Saturday, February 2, 2008

Bona Fide Attractions

It’s probably a good idea to travel to
a bona fide attraction when you can –
Niagara Falls, Grand Canyon or the Yucatan –
and someday maybe you’ll do more of that –
but your internal universe is so unwieldy –
fat – appallingly insistent you attend to it –
that little else, no matter how amazing
you are told it is, can make you bend to it:
trends or movies, clothes or music
or the latest digital technology – the channeling

of sexual biology into the Internet – bemuse –
befuddle – don’t to quite the same degree
you see around you fuse you into passionate
engagement with the muddle of deciding
what to do with time. You’re not even fully
confident there’s such a thing as time: much
less that you should worry what to do with it.
You rub your windows like a child, in winter,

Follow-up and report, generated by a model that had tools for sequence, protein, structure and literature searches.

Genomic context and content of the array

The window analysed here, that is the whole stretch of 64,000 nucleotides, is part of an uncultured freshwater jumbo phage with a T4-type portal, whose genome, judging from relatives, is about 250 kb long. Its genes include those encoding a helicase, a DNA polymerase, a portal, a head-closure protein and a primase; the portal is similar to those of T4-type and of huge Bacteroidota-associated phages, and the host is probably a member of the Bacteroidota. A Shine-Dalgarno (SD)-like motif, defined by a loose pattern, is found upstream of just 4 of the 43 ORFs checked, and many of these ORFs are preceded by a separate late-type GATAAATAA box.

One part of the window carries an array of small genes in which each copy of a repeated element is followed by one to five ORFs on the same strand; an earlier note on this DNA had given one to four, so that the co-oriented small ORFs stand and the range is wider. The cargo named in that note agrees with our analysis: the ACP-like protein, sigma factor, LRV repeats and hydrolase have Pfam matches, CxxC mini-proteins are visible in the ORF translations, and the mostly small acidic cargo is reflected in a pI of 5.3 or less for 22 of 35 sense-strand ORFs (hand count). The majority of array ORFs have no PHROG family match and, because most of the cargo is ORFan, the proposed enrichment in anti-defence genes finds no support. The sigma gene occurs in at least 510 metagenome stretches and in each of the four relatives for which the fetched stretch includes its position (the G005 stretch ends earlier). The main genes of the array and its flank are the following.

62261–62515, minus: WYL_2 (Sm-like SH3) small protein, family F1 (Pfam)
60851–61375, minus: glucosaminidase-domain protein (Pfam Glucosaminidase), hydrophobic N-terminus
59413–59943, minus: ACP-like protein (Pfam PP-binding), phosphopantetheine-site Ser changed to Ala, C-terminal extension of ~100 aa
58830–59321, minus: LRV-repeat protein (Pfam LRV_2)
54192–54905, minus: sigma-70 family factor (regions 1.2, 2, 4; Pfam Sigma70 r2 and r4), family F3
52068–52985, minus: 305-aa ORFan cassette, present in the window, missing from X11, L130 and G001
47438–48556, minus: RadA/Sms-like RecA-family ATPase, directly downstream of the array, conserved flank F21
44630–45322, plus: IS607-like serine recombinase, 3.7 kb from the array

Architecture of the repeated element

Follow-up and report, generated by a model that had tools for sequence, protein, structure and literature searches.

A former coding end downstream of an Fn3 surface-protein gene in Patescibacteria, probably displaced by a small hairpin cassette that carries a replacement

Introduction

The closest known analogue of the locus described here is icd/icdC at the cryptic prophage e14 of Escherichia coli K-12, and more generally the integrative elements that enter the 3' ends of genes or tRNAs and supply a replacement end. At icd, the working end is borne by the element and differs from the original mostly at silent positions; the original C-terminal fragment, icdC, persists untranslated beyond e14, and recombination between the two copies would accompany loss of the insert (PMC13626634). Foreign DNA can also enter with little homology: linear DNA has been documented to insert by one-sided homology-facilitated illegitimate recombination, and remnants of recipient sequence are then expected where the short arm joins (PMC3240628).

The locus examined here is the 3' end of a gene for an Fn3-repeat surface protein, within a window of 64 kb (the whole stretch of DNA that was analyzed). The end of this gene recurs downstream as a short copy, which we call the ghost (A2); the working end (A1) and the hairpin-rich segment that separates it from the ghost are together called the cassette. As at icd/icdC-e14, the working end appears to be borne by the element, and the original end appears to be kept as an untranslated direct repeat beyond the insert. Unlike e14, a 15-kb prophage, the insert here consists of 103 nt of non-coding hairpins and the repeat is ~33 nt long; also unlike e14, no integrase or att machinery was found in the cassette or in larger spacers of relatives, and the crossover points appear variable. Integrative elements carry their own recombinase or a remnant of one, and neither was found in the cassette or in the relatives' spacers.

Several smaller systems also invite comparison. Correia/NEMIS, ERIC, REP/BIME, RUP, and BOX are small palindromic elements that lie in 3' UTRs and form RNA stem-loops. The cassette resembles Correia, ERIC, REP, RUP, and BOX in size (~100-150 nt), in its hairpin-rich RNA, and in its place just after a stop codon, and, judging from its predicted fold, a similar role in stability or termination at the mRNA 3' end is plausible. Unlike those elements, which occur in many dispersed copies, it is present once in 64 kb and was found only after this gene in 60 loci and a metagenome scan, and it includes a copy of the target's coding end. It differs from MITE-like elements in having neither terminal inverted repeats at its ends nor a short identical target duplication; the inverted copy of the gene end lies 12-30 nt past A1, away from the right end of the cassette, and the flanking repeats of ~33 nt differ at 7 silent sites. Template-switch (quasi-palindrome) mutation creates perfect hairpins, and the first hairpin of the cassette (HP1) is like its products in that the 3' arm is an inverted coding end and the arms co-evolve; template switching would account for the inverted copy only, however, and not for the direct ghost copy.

fogging up the glass with every breath.
Clarity is not the aim: something seethes

around you: makes you far more interested
in feeling than in figuring an outcome –
wrest a verse to make it open like a purse
so you can stuff it with whatever namelessness
emerges: the latest version of experience
for you is playing Bach and Mahler
with a crew of seventy musicians – acres
of violas, cellos, violins – a harp – and clarinets,
bassoons, and oboes – brass enough to make
the northern winds feel jealous of your

wide collective focus, of the human sense
that you have brought to sound: something
that was never sought is found here:
and you’re baffled by its motives and its cost –
you’ve no idea how any of it works, or even
if the battles and the losses and the wins
entailed, incurred, have anything to do
with all the wars you think you’ve fought.
Powerful, dim: gods are in the mist: a lonely
glide – distraction. Or a bona fide attraction.


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